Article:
“Offense sells tickets. Defense wins championships.” We hear that over and over again especially during football season. I think this really is true when I look at the SEC champions who have gone on to win the national championship in the last 30 years. To me, it’s clear the slide of the last three years in Athens is directly related to the performance on defense, and a return to the performance of the first half of the 2000’s depends on the resurrection of the Junkyard Dawgs. Here are 5 questions I have entering fall camp about the defense:
What will be the impact of year 2 in the 3-4 under Grantham?
- Despite the statistical improvements, it was fairly apparent last year that the Georgia defense did not play well against serviceable offenses. Some blame was due to personnel, and some was the transition to a different base defense. At nose tackle, if Kwame Geathers plays this fall as he did at G-Day and Big John Jenkins is good against SEC-caliber competition, the personnel fit appears to be resolved. Offenses including ULL hit us with big plays down the field due to missed assignments in the backfield. With the returning talent in the secondary, the transition is no longer an excuse. At the Boise game, I’ll be watching the interior of the defense and the back end to see how much we have improved.
How are we going to replace the pass rushing ability of Justin Houston?
I mentioned the loss of Justin Houston at outside linebacker was going to be our primary concern on defense entering 2011. Jarvis Jones appears to be the heir apparent, but the ongoing eligibility questions coming from Columbes may put his Georgia debut on hold until after the Boise and South Carolina games. Cornelius Washington never made a significant impact in 2010. Behind the two of them are unproven players and freshmen. While Ray Drew is going to make an impact, freshmen don’t make a consistent splash as a pass rush specialist. The linemen in the 3-4 typically aren’t responsible for getting pressure other than to clean up when the quarterback steps up in the pocket to avoid outside pressure.
To what extent will we be able to control power rushing offenses especially from spread looks?
From South Carolina to Central Florida, we never schemed correctly to deal with the most basic play in today’s college game, the zone read. I can only hope Coach Grantham watched film every day to design a better strategy to deal with the zone read. We never stopped Marcus Lattimore, and Darth Visor kept running it. Florida ran the option with Burton and Rainey, and we had no answer. Auburn ran Cam Newton as a single wing quarterback, and we couldn’t get him on the ground. With a better fit of players to scheme up front, we should improve our ability to contain power running game. If not, it’s going to be a long year in 2011.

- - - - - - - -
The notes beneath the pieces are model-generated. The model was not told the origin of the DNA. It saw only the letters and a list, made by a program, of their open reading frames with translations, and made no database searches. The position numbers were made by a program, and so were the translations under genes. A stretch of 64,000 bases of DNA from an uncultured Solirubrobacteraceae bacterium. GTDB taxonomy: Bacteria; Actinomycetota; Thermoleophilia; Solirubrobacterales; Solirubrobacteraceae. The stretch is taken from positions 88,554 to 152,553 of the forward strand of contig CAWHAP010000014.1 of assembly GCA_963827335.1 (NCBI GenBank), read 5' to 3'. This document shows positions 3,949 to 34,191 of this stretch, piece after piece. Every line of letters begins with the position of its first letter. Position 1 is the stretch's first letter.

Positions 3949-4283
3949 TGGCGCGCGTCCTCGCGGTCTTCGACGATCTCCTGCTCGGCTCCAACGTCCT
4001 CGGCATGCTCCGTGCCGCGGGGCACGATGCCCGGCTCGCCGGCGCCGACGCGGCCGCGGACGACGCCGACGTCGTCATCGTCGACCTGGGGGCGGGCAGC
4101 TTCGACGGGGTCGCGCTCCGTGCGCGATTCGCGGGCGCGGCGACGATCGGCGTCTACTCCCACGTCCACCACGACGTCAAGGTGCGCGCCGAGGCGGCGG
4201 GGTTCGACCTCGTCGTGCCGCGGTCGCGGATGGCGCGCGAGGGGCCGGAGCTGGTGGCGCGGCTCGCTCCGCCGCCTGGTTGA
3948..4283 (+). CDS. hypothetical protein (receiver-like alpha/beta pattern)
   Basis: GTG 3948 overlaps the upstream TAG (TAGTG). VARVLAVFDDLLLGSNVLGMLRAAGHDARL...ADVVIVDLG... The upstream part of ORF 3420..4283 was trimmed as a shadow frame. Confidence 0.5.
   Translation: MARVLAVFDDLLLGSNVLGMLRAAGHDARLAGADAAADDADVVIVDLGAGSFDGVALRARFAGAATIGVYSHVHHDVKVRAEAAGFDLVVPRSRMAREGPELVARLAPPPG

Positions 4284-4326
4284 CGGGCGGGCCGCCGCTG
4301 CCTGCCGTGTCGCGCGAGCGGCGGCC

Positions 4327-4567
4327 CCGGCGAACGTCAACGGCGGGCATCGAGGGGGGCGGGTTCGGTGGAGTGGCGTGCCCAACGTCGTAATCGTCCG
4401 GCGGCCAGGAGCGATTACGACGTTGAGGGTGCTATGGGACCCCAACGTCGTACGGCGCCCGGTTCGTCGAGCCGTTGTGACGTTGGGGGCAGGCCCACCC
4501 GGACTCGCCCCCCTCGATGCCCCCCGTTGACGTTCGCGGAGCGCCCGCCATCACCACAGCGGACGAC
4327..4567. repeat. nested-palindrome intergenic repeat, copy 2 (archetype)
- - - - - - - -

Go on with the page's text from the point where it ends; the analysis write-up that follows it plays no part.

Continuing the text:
What defensive members of the Dream Team outside of John Jenkins will make an impact?
Ray Drew is going to play early and often. As I mentioned above, I have a question about the impact he’s going to make. Amarlo Herrera is probably going to play early as a back-up at inside linebacker. Nick Marshall is probably going to be given a look to contribute at defensive back, but many think his impact might be as a quarterback in the “Wild Dawg.” Corey Moore, Chris Sanders, and Damian Swann are all going to be given a look to contribute. Swann appears to be the one might make the most impact in 2011.
How much will the defense improve in 3rd and long?
Last year, our defense on 3rd and long was abysmal. If we don’t have a good answer for #2, we won’t have an answer for #5. If you look at Brian Van Gorder’s defenses, they were feared in 3rd and long. We could get pressure with four down linemen or with any variety of blitz looks. We rarely gave up big plays down the field and would tackle well in the open field to keep teams from converting 3rd downs. I think we can all say that the cumulative effect on the defense last year in the 4th quarter of failures on 3rd and long eventually resulted in big plays and late losses.
Will the Junkyard Dawgs return between the hedges in 2011? If we don’t have a good answer for each of these questions, we’re going to be forced to outscore people to win games. That strategy may work for teams like Georgia Tech and Kentucky. It’s not going to work against the better teams on the schedule, and we’ll be looking at an eight-win season at best.
What questions do you have and how would you answer them? Put yours in the comments.